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Spring is supposed to have arrived, but on some days? I wonder if I made a mistake with the seasons..maybe we are moving into winter? Noo..n..it is spring, surely. In spite of icy weather, we have lilacs blooming profusely, wisterias drooping low with heavy blooms, tulips swaying their hips and young ones grazing in the fields..like our adorable poulette who arrived this weekend.

On Friday night we saw that Gubi was getting restless, walking up and down, snorting, and we knew the hour would not be far. At 3:00 on Saturday morning it started. She lay herself down in the écurie and those first two feet appeared. It was cold out, raining, wet and we piled on the hay so Gubi’s new poulain could enter the world soft and warm.

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After an hour of hard work, the process was over and Gubi could take a break, while the poulain found its strength, its breath and while we could also take a breather!

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Of course the first thing we searched for…a girl or a boy..and yippeeee..a little poulette…a little girl! We called her Duméla, which is “hello” in Sotho, one of south Africa’s 11 official languages.

As tired as she was, on shaky legs, Gubi raised and took on her role as mother. From that moment on, we hear the sound we haven’t heard before..a gentle, soft  throat whinny, which is of course her mothering voice.

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Duméla just went from strength to strength and she is already taking a run on those cute long legs.

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Mon chéri is of course blooming too! He is surrounded by girls here on Coin Perdu, but does he complain..non..how can he, when he he has only excitement and challenges and happiness around him!

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Duméla is today 2 days and a few hours old and cute as a button!

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Sleeping, brushing against Maman and drinking that delicious milk freely, is her biggest happiness at the moment. And what can I say, watching them happy and healthy, is our biggest happiness!

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à bientôt!

Ronelle


A sunny 15 January

Smack in the middle of January, gorgeous sunshine exploded on us and being here at Coin Perdu, in the barn, for the winter, it was a gift from heaven. We were outside all day whole day, even though the low temperatures of -3 degr. C( about 26.6 degr F).

By the afternoon, we were still out, and doing all the things (almost) we(and all our animals)would do on a normal summers day..

..wheeling around the bed..

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…rolling in the fields…

…lighting a barbie fire at 16h30…

…while sipping a red wine and munching on a sauccisson

…and the chickens were following the sun…

…a smoke trail is a good sign…

… silhouetted against a perfect day at 18h30…


Missing the country

With winter at its worst in January and February, I find myself thinking of and longing for Coin Perdu more often than is good for me. Winters in Touraine are very grey, dark and sombre. On the odd weekend,  when  taking the drive to Coin Perdu to check that everything is still in order, we arrive at Puy d’Arnac in bright sunlight. Cold, but bright. Misty in the early morning,turing brighter during the day.  Maybe it won’t be too many years, or perhaps even months more before I can wake up on  cold January mornings with sun streaking over my bedroom floor at Coin Perdu.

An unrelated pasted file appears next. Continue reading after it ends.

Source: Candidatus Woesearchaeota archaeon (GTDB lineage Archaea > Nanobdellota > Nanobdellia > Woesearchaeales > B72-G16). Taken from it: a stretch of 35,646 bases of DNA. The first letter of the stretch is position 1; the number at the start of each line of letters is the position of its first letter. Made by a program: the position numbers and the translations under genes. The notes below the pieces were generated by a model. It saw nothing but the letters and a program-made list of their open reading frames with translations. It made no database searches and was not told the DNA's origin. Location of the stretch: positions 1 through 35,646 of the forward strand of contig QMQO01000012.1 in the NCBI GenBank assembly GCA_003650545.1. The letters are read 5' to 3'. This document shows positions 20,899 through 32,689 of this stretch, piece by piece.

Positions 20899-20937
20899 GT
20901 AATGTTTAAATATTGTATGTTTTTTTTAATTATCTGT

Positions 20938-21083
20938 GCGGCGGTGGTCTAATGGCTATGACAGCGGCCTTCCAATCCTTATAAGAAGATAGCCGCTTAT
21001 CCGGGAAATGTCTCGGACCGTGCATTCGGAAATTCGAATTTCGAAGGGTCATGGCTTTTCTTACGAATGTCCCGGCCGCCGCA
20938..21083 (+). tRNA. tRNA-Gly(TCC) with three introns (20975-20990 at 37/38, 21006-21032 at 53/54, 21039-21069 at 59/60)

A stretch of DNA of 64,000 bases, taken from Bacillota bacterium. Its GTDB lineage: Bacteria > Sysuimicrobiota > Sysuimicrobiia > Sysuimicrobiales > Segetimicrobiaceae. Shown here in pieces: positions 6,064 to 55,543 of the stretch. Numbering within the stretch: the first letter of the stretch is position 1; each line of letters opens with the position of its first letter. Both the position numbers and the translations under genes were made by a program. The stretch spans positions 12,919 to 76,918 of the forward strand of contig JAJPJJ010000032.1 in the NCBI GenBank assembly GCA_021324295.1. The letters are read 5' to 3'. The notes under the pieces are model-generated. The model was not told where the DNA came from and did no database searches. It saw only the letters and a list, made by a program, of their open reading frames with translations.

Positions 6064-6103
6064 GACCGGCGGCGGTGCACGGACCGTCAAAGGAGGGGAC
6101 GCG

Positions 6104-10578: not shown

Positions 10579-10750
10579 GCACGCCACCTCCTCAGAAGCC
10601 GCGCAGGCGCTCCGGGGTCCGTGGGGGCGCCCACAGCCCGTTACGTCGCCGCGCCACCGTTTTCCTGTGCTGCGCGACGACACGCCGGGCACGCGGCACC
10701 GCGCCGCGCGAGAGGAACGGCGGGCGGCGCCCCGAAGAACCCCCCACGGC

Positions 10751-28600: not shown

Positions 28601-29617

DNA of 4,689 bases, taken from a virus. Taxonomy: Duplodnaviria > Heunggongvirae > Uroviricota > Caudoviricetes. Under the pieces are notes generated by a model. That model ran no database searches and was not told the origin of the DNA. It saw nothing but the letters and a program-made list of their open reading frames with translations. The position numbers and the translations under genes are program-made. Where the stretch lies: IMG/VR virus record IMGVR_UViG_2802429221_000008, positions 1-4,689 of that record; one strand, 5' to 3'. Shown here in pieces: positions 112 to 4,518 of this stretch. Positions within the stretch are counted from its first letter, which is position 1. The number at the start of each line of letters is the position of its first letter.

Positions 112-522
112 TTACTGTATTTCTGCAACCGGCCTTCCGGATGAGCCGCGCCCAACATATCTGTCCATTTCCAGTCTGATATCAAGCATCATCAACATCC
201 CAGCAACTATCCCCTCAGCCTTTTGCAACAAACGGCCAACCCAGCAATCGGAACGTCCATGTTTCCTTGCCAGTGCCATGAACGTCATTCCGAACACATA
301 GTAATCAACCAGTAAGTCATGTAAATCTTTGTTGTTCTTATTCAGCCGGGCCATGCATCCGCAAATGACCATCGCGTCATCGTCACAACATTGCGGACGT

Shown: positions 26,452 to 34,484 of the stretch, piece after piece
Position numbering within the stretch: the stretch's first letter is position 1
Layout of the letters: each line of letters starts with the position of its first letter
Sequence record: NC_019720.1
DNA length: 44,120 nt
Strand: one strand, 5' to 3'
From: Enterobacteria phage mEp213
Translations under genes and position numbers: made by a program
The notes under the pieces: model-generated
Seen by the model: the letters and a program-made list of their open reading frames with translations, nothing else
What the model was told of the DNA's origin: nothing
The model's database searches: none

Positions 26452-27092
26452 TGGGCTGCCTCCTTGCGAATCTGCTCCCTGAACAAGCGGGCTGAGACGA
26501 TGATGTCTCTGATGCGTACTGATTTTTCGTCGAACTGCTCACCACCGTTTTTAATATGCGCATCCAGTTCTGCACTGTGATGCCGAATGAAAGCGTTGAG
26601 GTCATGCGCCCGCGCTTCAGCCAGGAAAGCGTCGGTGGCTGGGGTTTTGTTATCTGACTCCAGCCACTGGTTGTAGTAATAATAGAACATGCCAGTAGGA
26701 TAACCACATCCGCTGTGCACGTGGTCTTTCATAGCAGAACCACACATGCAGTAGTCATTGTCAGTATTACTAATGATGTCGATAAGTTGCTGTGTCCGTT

I love Montlouis and our house  here by the Loire. I love our beautiful town of Tours, a mini Paris with it’s incredible architecture. I love the Loire with its wild unpredictability.

…la loire et ses oiseaux..

But the depth of my love lies at Coin Perdu, where the sunsets and clear stars  keep me outdoors early until late… Where I love the roaming cattle with their undisturbed manner, the bells clinging even somewhere at night. Where I love the buses roaming the skies, where I love listening to the the complaints of the owls in the dark of night, crying their dissatisfaction with us taking their barn…I’ve said all these things before. I will say it many more times. They are important things in my life;  the simplicity and honesty of the country side, where life isn’t always easy, but where the  comfort lies in knowing and acknowledging it. There aren’t short cuts in honesty, no shifting of boundaries. There is no playing around with honesty. Taking on a day can’t be played around with…animals can’t wait for their food, hay will be wet tomorrow if not cut today, the birth of a new calf cares not for convenience,  rain boots wait by the door for a good reason…nature dictates and man dances. It gives life its equilibrium. Keeps man humble, with his ear to the ground, his instinct awake. It keeps him alive. It gives him life.

So,  while I am waiting for March and spring to break through so we can pack and take off to Coin Perdu for the spring and summer months to resume working and restoring our mountain home, I have last year’s photos and many memories to keep me going these next two months.

But still, I can’t wait to…

…start working…

…fiddle in our barn kitchen…


…delighting in simple, delicious food…


…go for long walks…

…revel in rediscovering nature and animal life…


…paint, paint and paint…


…enjoying evening barbeques…


…enjoying breath taking sunsets…



A home in the barn.

We’ve been staying in our barn for the past five months.

After starting out with the bare essentials and wearing thick skiwear at night to keep warm in front of the wood burning stove, drinking cups of steaming chocolat chaud and cosying up around campfires, we can now say…it is fun! We have a proper home now in our barn with everything we need, NO television, which we don’t miss. We have running water, warm showers, old ladders for our towels, a coffee corner, a fully equipped kitchen where we prepare fresh and simple meals, couches for lounging, lamps for ambiance, books for drowsing,  comfy sleeping nooks, privacy by means of romantic linen drops tied with antique lace…hunted down at local brocantes. We need nothing more…except maybe exquisite sunsets.